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Prince. Forget all that "woefully underrated as a guitar player" business. I'm also not gonna refer to his solo on "Gently Weeps". The man simply rocks. Also, as he's matured a bit away from his "Darling Nikki" days... I think some jazzy tones from a big ole Gretsch is certainly a possible future.
But he's so far advanced musically, I wouldnt think I could gain much from a session with him (other than what I can hear (music, not words)). But If I could take a lesson with anyone, I'd want...
* Billy Gibbons - Nuff said
* Hubert Sumlin - I know that Maceo Parker is "The Teacher"... but Maceo dont play guitar
* Lenny Kravitz - If anyone can show you how to make monster rock jams out of simple arrangements, the Lennyman can.
I'll go for NY band Television's Tom Verlaine & Richard Lloyd on their 1977 debut album Marquee Moon, and on live recordings form that era. Both played Fenders and they made them sing strange and wonderful sounds. It wasn't just the solos but the way their guitars interacted.
Television were something else back then, half Velvet Underground and half Allman Brothers. It certainly wasn't punk even though they were part of the CBGBs scene.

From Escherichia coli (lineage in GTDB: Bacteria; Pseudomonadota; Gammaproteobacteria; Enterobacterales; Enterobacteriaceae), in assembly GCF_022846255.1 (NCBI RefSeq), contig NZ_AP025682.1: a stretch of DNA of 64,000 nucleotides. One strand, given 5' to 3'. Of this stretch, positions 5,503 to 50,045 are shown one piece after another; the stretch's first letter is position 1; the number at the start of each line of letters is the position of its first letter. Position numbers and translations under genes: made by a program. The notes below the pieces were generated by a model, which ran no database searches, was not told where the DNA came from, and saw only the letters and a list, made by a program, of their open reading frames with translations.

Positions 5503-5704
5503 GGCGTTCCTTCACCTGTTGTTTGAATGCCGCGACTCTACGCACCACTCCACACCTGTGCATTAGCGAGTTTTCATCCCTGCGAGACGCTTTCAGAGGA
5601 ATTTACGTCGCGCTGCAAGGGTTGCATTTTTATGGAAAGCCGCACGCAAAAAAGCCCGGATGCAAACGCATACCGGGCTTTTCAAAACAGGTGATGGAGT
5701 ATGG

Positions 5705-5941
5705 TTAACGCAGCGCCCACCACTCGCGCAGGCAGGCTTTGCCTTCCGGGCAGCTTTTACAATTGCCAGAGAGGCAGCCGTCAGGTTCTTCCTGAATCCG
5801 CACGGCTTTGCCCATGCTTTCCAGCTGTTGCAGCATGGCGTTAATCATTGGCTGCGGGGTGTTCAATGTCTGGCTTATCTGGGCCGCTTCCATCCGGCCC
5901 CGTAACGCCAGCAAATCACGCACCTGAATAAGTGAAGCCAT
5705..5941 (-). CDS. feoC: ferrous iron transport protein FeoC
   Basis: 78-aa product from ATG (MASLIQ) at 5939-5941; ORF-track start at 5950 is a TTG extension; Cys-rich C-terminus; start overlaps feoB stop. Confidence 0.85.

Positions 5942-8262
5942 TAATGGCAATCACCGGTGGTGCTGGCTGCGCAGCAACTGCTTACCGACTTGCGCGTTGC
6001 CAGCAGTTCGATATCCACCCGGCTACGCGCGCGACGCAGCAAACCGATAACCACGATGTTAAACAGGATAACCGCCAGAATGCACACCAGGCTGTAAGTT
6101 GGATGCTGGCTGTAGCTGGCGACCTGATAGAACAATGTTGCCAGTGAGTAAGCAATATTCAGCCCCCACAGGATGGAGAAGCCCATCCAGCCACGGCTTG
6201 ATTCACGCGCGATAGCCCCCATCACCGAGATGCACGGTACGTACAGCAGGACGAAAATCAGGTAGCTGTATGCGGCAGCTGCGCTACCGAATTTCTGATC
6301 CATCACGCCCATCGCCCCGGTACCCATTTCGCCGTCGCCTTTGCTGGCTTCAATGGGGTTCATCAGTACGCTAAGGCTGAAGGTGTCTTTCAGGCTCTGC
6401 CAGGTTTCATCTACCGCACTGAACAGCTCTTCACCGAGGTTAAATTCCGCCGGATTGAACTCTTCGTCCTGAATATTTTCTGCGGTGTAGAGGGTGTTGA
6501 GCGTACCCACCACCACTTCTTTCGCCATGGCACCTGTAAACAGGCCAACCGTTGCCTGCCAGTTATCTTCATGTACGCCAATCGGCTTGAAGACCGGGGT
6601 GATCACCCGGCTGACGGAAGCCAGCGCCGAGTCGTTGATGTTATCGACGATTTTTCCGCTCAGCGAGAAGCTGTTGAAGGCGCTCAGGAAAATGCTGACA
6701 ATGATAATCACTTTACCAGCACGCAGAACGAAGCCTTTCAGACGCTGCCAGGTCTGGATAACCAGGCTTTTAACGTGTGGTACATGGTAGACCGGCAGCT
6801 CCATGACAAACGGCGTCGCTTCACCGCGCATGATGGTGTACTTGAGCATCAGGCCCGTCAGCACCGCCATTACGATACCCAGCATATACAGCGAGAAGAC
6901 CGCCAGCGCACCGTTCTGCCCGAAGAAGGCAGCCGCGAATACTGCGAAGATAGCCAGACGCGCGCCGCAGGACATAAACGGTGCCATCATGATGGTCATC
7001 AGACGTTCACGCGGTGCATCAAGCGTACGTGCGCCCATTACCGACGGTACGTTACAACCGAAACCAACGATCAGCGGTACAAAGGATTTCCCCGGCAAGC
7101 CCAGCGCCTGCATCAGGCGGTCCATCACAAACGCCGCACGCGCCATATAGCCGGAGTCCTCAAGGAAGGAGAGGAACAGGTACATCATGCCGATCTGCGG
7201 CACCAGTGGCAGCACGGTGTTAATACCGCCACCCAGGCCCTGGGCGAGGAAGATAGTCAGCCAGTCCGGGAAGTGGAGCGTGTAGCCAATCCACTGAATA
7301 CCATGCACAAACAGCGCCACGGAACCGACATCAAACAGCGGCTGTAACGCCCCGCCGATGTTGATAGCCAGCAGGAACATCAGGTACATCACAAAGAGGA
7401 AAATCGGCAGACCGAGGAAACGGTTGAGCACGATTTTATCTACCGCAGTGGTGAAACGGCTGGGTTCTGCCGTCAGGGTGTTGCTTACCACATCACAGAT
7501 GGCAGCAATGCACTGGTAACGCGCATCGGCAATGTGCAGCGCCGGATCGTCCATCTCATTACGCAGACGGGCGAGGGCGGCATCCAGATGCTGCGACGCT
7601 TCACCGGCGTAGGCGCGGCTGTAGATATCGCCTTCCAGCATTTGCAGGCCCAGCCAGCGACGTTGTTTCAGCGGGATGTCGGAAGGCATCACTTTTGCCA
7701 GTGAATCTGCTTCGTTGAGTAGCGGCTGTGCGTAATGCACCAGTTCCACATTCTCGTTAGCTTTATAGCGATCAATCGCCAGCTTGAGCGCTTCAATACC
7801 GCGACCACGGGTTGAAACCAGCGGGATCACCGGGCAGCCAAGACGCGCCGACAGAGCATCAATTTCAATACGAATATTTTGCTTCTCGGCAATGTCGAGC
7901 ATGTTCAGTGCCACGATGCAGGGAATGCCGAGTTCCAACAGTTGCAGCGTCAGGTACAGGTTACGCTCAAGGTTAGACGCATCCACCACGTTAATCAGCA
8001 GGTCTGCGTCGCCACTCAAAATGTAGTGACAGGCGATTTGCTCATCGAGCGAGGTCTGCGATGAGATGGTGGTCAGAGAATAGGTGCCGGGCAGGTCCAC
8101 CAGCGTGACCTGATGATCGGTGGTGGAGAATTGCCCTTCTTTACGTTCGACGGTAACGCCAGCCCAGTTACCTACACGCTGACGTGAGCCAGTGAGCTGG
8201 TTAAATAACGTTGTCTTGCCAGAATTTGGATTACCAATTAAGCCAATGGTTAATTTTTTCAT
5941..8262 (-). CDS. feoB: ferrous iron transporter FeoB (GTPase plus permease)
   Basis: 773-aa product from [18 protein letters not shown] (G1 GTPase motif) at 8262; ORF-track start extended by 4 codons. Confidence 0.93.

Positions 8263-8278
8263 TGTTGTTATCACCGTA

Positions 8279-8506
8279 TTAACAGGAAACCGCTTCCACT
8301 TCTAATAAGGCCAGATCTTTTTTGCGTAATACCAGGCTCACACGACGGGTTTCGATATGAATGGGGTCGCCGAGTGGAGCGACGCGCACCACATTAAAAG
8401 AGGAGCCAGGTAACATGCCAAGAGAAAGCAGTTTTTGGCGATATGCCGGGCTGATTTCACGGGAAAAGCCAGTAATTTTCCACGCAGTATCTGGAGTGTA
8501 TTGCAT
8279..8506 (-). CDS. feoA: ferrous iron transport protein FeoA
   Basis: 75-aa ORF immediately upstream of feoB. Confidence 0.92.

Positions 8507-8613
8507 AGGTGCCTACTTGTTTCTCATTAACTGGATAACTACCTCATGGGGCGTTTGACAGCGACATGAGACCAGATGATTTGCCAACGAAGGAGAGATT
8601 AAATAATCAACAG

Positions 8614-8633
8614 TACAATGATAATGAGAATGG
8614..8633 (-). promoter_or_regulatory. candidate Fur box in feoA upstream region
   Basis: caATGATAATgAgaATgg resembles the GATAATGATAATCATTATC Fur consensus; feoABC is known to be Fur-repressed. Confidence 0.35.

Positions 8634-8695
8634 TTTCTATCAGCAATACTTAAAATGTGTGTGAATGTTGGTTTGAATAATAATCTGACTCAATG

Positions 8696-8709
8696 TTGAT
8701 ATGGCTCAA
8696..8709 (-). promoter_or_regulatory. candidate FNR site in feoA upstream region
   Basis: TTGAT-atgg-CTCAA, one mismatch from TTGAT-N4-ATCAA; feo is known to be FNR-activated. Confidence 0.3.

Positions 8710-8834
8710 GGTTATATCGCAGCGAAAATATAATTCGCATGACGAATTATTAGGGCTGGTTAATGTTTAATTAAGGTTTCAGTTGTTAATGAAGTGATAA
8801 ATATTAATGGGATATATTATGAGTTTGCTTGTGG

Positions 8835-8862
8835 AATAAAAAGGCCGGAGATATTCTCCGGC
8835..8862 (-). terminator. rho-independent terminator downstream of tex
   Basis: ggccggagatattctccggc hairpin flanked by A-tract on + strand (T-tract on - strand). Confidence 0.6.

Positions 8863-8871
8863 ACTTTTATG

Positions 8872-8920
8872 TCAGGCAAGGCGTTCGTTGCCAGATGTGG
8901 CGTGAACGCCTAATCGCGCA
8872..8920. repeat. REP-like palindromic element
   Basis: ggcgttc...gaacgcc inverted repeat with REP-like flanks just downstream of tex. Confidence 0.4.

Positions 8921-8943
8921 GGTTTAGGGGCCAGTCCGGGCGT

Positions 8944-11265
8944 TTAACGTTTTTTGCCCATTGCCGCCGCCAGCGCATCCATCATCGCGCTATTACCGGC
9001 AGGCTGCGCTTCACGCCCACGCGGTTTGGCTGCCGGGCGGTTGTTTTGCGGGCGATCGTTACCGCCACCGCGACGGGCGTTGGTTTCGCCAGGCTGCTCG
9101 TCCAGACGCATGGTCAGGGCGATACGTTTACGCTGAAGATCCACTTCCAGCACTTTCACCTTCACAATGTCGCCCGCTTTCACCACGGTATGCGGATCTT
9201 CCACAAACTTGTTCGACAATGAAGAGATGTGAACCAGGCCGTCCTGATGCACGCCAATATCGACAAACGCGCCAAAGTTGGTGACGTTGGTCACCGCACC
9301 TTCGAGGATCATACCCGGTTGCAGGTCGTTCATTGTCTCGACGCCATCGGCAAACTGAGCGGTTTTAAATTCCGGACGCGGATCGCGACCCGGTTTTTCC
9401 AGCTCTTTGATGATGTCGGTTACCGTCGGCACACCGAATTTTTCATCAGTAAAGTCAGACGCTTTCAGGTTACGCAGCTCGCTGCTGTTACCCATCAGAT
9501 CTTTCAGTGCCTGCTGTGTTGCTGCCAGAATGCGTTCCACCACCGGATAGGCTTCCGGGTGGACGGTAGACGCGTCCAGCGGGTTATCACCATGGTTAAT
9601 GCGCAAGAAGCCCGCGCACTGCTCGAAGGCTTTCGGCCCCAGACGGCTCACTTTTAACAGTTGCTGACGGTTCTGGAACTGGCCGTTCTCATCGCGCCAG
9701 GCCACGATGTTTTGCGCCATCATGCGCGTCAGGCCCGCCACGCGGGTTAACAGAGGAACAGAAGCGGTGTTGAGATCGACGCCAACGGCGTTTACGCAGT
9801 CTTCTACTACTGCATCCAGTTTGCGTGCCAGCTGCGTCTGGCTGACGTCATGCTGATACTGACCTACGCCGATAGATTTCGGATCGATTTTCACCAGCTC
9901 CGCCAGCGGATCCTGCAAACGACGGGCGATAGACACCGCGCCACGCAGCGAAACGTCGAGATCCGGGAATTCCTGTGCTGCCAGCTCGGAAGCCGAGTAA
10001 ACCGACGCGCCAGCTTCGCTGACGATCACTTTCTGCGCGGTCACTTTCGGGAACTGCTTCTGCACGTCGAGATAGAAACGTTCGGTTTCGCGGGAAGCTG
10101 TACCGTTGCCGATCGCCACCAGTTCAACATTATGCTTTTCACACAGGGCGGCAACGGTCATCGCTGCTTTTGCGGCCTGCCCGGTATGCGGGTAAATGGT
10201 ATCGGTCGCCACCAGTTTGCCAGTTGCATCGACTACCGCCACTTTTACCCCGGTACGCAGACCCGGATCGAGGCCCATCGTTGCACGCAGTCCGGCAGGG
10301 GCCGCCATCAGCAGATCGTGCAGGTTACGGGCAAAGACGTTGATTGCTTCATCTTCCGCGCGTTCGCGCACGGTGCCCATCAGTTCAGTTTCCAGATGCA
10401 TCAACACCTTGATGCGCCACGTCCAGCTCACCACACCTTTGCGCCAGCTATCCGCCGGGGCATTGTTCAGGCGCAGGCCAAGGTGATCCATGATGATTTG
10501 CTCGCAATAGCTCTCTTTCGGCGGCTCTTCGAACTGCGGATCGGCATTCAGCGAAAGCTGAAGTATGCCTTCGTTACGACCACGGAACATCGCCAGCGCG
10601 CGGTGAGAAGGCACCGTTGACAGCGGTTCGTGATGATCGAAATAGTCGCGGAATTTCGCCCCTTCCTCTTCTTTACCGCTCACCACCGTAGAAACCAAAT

I realize this means nothing to most people on this forum. Marquee Moon isn't music for the masses but it was one of those records that made me want to play the guitar
Wow!! There are so many. I am like most here and like every good guitar player I hear. My all time favorite has to be Chet Atkins for his ability to play the most beautiful melody's with some of the best background fill at the same time it almost defies what a human should be able to do.
Second would be Duane Eddy. He set the guitar playing world upside down with his driving deep twanging sound. and third would have to be Nokie Edwards. He along with the rest of the Ventures have to have inspired a generation of players with there great sound.
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Absolute Favorite? The man who riffed and launched a million fingers picking - Chuck Berry who was Angus Youngs and so many others reason to pick up a gitar.
I agree... he was the man.. not just his solos but the clever lyrics too.... I grew up with his music, if you went to a dance the bands always played a bunch of Berry rockers.
Keith Richards and Angus Young took the Berry licks to another level, Johnny Thunders' playing had a lot of Berry in it too... maybe that's where Sex Pistols' Steve Jones got his Berry influence from....